We flew from London (Heathrow) into Munich and rented a car at the Munich airport. We found that booking online ahead of time was the way to go and many sites have great deals. Make sure you also get a GPS in your car to find your way around.
Side Note: We ran into a snag when reading the rental car documentation that said you must have a German driver’s license or an international driver’s license to drive the car. Neither of us have either of these, so naturally this stressed me out. We ended up deciding to wing it with our American drivers license and no one said a thing. In fact, the guy at the check-out counter was wonderful and it worked out fine despite the paperwork we read. Just in case this happens to you, I wanted to let you know our experience.
By Train or Bus:
Some of you may be wondering why we rented a car since Germany has such a great train system, but we preferred to have the convenience and freedom that comes with having a car, especially while driving the Romantic Road. When I visited Germany a few years ago and thought about doing the Romantic Road solo by train, I had a lot of people recommended that I do it by car instead just for the flexibility.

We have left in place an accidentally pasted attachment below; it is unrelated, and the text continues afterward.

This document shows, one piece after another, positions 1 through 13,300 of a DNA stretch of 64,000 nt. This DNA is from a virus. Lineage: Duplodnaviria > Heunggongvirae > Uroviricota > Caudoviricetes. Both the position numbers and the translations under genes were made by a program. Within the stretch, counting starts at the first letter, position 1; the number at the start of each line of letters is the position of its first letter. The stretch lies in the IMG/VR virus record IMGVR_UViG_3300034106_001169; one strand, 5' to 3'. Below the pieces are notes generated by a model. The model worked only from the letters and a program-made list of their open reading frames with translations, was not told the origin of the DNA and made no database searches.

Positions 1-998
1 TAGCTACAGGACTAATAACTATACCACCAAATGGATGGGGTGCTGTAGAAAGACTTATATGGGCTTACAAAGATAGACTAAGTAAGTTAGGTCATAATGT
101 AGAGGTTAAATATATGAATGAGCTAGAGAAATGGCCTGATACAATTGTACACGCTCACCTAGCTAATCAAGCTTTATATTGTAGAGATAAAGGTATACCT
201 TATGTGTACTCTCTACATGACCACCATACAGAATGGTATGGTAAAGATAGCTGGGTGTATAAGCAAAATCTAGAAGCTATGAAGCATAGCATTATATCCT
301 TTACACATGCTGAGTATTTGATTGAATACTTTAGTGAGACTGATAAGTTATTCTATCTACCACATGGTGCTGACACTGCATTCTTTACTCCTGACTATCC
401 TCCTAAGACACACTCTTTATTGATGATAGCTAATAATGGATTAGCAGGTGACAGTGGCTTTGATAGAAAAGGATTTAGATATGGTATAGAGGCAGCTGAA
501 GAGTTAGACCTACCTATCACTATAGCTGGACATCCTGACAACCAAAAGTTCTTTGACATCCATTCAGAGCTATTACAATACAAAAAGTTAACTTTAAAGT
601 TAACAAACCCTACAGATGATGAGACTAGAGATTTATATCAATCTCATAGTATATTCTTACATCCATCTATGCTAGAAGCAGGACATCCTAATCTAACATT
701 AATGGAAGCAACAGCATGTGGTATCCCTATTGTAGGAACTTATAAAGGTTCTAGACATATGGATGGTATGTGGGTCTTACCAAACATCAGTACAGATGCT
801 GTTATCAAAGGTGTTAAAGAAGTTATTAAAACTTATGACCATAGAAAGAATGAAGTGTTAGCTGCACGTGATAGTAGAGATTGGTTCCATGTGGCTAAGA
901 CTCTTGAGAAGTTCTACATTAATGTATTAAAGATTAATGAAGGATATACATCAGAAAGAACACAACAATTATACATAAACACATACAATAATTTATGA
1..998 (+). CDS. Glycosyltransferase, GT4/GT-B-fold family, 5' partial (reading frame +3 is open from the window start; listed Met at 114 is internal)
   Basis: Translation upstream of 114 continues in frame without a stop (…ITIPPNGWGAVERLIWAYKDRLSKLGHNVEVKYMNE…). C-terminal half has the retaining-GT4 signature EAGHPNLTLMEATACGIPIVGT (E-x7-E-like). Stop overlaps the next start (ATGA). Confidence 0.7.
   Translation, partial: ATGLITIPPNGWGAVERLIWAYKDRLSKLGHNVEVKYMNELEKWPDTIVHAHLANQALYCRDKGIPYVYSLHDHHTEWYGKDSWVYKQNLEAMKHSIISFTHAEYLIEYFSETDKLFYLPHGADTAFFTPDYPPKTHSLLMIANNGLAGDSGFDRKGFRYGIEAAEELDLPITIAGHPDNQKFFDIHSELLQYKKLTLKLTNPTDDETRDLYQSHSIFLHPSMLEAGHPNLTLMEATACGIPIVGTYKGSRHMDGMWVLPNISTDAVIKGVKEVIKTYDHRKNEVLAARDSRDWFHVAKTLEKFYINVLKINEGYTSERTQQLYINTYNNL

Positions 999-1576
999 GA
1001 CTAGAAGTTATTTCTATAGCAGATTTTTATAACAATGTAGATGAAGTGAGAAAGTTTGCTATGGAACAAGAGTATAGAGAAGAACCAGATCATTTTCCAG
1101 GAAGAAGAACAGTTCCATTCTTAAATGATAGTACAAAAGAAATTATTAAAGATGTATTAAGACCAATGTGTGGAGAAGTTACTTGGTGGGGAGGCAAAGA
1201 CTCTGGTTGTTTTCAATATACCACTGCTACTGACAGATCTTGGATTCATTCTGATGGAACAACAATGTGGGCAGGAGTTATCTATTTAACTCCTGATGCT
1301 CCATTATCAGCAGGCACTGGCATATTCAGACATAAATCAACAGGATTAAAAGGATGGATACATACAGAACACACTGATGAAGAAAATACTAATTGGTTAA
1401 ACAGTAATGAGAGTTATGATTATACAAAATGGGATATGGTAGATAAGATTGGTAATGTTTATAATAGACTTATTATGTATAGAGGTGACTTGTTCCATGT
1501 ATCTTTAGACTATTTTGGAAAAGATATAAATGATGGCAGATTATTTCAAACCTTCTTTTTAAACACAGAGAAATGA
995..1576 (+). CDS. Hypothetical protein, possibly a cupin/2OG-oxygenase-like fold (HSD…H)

However, I know that some of you may want to just take the train or a bus and that is still a great option, especially in Europe! Here is a great resource for taking the Romantic Road by train or bus!
Where to Start on the Romantic Road Itinerary
Start Your Trip & Get Your Car Rental in Munich (or Frankfurt)
Surprise! Munich isn’t technically on the Romantic Road. But, our journey started here since this is where we flew in from London.
Munich ended up being a great spot to start our Romantic Road itinerary even though I’ve heard Frankfurt is also a great starting point if you start north and drive south. It truly doesn’t matter. In Munich, we mainly spent most of our time drinking beer at the Hofbräuhaus and the Biergarten am Viktualienmarkt outside. Both were wonderful!